Christine Sfeir, chief executive of restaurant group Treats Holding, operates a restaurant chain called Semsom in Lebanon. The country was devastated by a 15-year civil war, which ended in 1990, while the effects of its 2006 war with Israel and the problems in neighbouring Syria mean it remains politically unstable. Ms Sfeir says the turmoil has affected the way she runs her business. When she recently opened a new branch of the restaurant in Lebanon's capital, Beirut, she planned a red-carpet launch with local celebrities, high-flying business people and media all in attendance. But two days before the grand opening, trouble broke out an hour away from Beirut. Soldiers driving tanks continuously past the restaurant meant they had to shift the opening to a low-key, small scale dinner instead.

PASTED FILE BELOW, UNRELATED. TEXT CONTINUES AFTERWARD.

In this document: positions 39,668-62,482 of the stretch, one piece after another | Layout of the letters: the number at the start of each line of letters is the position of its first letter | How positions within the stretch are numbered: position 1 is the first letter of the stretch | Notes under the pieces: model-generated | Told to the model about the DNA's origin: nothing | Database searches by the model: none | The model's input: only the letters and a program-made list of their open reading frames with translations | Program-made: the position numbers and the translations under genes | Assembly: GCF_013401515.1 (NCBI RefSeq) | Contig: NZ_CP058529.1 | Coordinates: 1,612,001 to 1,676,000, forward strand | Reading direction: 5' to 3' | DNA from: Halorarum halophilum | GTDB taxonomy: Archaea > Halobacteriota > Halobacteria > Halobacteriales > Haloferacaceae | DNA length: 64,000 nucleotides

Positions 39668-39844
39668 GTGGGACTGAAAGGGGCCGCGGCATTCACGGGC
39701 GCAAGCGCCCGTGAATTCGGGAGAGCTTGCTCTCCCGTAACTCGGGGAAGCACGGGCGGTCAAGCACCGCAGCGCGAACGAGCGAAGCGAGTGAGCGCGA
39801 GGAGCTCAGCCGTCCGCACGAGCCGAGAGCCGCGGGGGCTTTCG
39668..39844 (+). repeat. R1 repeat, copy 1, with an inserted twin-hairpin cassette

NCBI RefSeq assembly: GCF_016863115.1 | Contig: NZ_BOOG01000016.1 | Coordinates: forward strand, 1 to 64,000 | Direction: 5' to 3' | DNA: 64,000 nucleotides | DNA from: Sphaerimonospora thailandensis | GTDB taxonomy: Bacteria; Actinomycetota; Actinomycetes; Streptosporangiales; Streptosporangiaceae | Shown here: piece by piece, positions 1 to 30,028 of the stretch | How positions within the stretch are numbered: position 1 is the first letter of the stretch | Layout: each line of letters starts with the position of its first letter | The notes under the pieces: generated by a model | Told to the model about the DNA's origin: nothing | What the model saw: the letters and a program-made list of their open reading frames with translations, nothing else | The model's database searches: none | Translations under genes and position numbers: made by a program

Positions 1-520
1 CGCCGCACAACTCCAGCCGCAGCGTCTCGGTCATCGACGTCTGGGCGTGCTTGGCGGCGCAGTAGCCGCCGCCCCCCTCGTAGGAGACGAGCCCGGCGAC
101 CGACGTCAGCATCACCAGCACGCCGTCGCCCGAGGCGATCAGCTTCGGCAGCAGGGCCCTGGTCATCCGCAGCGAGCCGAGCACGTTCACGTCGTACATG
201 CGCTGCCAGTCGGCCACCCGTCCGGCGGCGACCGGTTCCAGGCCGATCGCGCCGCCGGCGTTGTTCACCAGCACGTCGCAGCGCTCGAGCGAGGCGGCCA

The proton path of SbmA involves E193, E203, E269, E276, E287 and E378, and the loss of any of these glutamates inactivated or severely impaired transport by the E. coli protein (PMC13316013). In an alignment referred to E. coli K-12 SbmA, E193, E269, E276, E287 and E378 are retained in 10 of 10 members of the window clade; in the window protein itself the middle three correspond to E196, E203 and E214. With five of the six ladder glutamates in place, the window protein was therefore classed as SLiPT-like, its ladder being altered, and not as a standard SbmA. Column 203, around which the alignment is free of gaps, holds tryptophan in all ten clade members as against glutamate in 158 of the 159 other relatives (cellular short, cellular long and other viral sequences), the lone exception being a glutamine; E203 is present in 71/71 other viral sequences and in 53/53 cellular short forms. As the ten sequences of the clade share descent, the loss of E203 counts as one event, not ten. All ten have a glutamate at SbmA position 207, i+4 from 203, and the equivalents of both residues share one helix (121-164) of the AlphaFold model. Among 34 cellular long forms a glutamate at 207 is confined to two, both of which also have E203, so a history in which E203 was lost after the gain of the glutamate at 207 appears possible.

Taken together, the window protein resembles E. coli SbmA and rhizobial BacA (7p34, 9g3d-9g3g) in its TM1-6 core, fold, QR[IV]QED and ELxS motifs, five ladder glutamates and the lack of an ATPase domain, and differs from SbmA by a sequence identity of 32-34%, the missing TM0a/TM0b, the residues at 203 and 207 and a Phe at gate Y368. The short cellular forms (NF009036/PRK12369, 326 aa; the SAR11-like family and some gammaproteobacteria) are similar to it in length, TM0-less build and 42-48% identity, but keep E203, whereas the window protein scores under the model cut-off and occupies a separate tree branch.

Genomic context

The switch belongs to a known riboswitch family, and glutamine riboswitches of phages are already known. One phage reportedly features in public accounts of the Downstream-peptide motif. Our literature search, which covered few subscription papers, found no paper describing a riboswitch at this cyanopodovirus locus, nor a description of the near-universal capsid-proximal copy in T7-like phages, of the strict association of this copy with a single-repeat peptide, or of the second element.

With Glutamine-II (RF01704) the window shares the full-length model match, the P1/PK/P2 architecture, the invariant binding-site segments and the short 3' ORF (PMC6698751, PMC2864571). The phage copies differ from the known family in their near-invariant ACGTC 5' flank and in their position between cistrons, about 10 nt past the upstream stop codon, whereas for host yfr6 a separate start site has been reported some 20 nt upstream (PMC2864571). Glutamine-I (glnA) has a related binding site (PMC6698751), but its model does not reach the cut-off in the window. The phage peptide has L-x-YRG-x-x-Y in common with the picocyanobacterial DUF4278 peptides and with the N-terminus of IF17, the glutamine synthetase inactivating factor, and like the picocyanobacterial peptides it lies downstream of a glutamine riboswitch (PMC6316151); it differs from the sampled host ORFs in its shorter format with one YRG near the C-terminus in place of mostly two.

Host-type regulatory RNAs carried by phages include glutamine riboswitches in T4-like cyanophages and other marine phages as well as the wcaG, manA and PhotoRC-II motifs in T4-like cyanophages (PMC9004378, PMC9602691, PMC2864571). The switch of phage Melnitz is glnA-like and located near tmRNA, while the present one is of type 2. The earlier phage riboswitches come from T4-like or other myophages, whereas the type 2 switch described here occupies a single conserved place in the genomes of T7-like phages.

"I didn't feel it was right to do a big event while we have funerals going on," says Ms Sfeir, who was worried continuing with the original plan would have appeared insensitive and damaged the Semsom brand.On a day-to-day basis these types of troubles hurt revenue, typically meaning no customers for three days. "We know when there is tension, the restaurant is going to be empty," Ms Sfeir says. Semsom's mission is to spread our Lebanese way of life, all over the world, and to promote the Lebanon we love. The modern Lebanese is attached to his traditions, his roots, his land and village; yet, he is modern, educated, well-travelled and interested in new culinary experiences. Semsom combines Lebanese traditional and modern cuisine through its classic dishes and its signature creations. The menu reflects a determination to revive old recipes, pillars of Lebanon's culinary heritage, as well as revisited recipes. The modernity comes from our Semsom's own innovations like the hommos with herbs, hommos with sumac and thyme and hommos with olives and sesame, chicken or cheese osmalieh. These creations are all best sellers! In total, we offer 50 dishes available ONLY at Semsom. Escape from the boardroom on BBC News Semson Broadcasts